Acrylic Etching Tank for PCB Boards




Introduction: Acrylic Etching Tank for PCB Boards

Recently I got into PCB making. Some people use laser toner and iron method, I use photo resist film and UV lamp. But no matter what method you use, there is one common step - etching. You drop your PCB into chemical solution and it eats extra copper, leaving only the parts you need intact.

Key to successful etching is uniformity. Each part of your board needs to be equally exposed to chemicals - otherwise, some won't be ready, while others will be already destroyed.

Of course, you can watch entire process and correct it, yet it is boring.

There are commercial solutions - for example, this etching tank from Vellemann does great job but costs whopping £75.00 and needs 1.5L of liquid. That's a no-go for a typical hobbyist. We need something small, practical and cheap.

Here, I present you with a etching tank that fits 100x150mm boards and takes only 90ml of liquid. Since it connects to air pump, it allows to etch large PCB in just 4 minutes.

Step 1: Laser-cut the 2mm Acrylic Sheet and Assemble

You will need the following:

- about 30cm of thin silicone tube for aquariums (d=6mm),

- used aquarium air pump,

- a needle,

- few M3x16 bolts and nuts

- some acrylic glue (I used solvent with some discarded acrylic pieces dissolved in it)

- and access to acrylic laser cutter.

I ordered 2mm acrylic sheet cut in a local advertising firm that does outdoor signs. Total cost, including material, was less than $10.

Warning - acrylic is usually cut with the protective film still on. You will need to get rid of that before gluing.

The layouts in AutoCAD DWG and DXF formats are on GitHub.

After you'd get the parts, assemble them without gluing - just with M3 bolts. Don't tighten them - they are needed to align the acrylic "sandwich", not to hold it. Then use the needle to lead round the shape of the middle section on the outer layers. These marks will help you to apply glue only where needed.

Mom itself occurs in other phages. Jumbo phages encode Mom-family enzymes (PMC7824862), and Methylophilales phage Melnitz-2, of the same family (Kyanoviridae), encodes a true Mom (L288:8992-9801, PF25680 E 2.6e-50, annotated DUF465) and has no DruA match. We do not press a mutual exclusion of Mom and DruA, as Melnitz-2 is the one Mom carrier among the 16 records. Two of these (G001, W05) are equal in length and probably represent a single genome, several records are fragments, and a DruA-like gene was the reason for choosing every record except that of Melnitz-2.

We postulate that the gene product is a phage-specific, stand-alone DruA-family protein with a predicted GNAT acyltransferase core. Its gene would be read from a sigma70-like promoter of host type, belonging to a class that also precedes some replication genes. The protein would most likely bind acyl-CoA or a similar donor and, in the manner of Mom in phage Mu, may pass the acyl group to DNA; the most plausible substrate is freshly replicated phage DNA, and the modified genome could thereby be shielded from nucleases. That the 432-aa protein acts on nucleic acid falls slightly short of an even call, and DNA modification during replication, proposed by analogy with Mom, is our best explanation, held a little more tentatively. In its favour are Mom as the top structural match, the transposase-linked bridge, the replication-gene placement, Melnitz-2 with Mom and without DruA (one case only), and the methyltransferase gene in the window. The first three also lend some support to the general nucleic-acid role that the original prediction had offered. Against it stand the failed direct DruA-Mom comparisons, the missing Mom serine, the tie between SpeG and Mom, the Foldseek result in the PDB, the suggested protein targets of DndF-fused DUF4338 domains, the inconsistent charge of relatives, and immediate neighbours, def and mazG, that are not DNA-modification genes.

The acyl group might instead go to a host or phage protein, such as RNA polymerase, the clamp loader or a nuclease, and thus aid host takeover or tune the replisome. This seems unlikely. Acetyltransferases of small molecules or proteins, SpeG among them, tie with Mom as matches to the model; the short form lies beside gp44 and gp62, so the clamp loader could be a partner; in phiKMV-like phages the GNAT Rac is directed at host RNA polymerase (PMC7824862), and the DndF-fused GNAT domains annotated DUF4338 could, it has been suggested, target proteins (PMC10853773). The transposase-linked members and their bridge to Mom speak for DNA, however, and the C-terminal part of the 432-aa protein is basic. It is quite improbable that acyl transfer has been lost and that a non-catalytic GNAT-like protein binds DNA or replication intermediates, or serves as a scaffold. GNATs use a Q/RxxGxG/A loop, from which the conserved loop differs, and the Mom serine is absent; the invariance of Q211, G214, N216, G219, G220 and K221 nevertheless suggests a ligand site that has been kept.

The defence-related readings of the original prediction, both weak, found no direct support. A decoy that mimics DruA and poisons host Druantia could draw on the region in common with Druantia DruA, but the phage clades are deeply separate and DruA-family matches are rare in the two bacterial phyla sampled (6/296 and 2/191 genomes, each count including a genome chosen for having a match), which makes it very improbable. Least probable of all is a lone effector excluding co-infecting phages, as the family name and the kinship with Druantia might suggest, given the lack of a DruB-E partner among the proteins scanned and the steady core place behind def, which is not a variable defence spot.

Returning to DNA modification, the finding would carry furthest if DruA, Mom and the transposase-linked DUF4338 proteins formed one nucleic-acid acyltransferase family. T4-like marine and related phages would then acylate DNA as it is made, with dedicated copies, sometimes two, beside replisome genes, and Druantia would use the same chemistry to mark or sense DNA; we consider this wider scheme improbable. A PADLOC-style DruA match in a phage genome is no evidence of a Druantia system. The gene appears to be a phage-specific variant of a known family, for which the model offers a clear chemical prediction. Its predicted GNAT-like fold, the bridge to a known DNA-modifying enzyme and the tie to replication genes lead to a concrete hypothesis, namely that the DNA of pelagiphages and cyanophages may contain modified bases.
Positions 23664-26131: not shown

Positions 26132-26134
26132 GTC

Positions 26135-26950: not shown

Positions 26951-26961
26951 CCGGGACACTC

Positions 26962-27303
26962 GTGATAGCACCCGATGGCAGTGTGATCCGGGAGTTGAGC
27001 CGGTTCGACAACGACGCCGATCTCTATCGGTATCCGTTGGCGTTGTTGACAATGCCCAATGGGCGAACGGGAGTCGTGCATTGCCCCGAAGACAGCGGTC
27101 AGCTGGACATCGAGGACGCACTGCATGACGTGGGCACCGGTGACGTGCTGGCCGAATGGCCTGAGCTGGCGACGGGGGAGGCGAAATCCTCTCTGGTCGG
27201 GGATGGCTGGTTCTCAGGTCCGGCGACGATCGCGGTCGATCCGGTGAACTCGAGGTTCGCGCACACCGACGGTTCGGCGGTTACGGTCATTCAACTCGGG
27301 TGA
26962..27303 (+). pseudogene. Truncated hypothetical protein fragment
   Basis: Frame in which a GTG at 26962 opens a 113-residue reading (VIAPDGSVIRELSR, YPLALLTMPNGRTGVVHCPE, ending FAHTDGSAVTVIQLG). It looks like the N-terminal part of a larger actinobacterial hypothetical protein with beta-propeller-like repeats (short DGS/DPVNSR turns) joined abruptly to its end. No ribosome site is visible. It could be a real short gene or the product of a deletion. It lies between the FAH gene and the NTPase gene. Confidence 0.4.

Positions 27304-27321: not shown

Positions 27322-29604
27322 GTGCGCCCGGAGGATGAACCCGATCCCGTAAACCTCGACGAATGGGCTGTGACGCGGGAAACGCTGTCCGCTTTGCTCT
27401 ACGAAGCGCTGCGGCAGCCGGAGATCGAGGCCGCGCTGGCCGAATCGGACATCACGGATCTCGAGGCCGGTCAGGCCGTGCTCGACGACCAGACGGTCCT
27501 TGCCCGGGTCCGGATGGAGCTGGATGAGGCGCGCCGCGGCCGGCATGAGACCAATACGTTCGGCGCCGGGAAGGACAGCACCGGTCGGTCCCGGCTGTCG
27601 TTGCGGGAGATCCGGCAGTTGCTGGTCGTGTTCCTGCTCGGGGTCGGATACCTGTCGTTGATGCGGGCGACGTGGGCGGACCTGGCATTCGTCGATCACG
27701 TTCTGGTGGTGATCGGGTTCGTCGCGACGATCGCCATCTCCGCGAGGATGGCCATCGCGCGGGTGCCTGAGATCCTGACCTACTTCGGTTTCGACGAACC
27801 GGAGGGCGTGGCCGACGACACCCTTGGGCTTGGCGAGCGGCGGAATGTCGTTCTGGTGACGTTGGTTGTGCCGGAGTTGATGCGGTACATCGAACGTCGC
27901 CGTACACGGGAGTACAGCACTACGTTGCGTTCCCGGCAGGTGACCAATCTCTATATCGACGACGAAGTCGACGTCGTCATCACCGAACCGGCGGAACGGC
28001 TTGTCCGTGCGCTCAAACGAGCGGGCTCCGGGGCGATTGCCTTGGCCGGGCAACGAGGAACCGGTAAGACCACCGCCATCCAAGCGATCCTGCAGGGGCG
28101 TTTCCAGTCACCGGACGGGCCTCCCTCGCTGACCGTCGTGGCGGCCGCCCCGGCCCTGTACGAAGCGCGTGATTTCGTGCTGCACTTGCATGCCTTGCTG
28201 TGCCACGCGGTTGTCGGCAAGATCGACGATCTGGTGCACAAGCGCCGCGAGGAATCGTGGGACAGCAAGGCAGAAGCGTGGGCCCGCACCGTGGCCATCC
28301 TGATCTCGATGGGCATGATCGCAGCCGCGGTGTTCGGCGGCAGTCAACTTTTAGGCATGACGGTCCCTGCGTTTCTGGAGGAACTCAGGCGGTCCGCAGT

Step 2: Gluing It All Together

Take the outer layer and insert M3 bolts with washers in it. Apply glue and install the second layer of the "sandwich". Let it dry and install the third layer.

Then insert the silicone tube. Make sure that the other end of it is shut closed (cut a tiny piece of tube and cram it into the end). Fix the tube with extra glue.

Once it holds, use the needle to make a series of holes in it. Place them 2mm apart.

Finally, attach the last layer of the "sandwich" and add legs to hold the tank vertically

There is also a lid that also gets assembled from 4 layers of acrylic. Assemble it as well - you will need one to prevent splashes.

Note: don't overtighten the bolts, since that will cause the thin acrylic to crack! Remember, bolts are for aligning the layers of the "sandwich" and it is glue that holds them together, not bolts.

Step 3: Testing It

After the glue sets, fill the tank with water and check that it doesn't leak. Attach air pump and see how the air bubbles make the water mix.

Fill the tank with etching solution, for example, with ferric chloride or a mix of hydrogen peroxide + citric acid + kitchen salt. You'd need just 90ml (half a cup!) of that. Hang up the PCB on a string in the middle of the tank and close the lid. Turn up the air pump and see through the glass how your board gets uniformly etched.

I hope this little device will help you make great looking PCBs with perfect and thin connectors in shorter time and with less effort. Good luck!

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    5 years ago

    I have actually built a lot of these for etching. But instead of using silicone to seal it, I used Weld-On number 4 and even their two part acrylic glues for Plexiglas and such. Their glues are clear and works very well.

    And I etched one board in under two minutes as well. But I also had an aquarium heater that heated the solution for even faster etching.

    But I have seen an even better idea for etching boards quicker. Instead of pumping air in at the bottom, they used a pump to pump the etching solution through a garden irrigation tube to a nozzle directed to the PC board and it etched like magic in a shower wash-like manor. And since there are no metal parts involved, there was nothing to worry about corroding either.

    Either way, a great project that does work. Thumbs Up!


    Reply 5 years ago

    I used silicone tube. For gluing I used solvent (dichlorethane) with some acrylic solved in it. Dichlorethane evaporates and leaves only acrylic, so parts fuse together. So the resulting seam is actually pretty clear.


    Reply 5 years ago

    Dichlorethane is toxic!


    Reply 5 years ago

    ...and carcinogenic, yes. So gluing needs to be performed outdoors, yes.

    Eric Brouwer
    Eric Brouwer

    5 years ago

    Nice design. I am still stuck with a plastic bowl and tweezers.

    DIY Hacks and How Tos

    Interesting design. I have never used one of these for etching before but I am definitely going to try it out.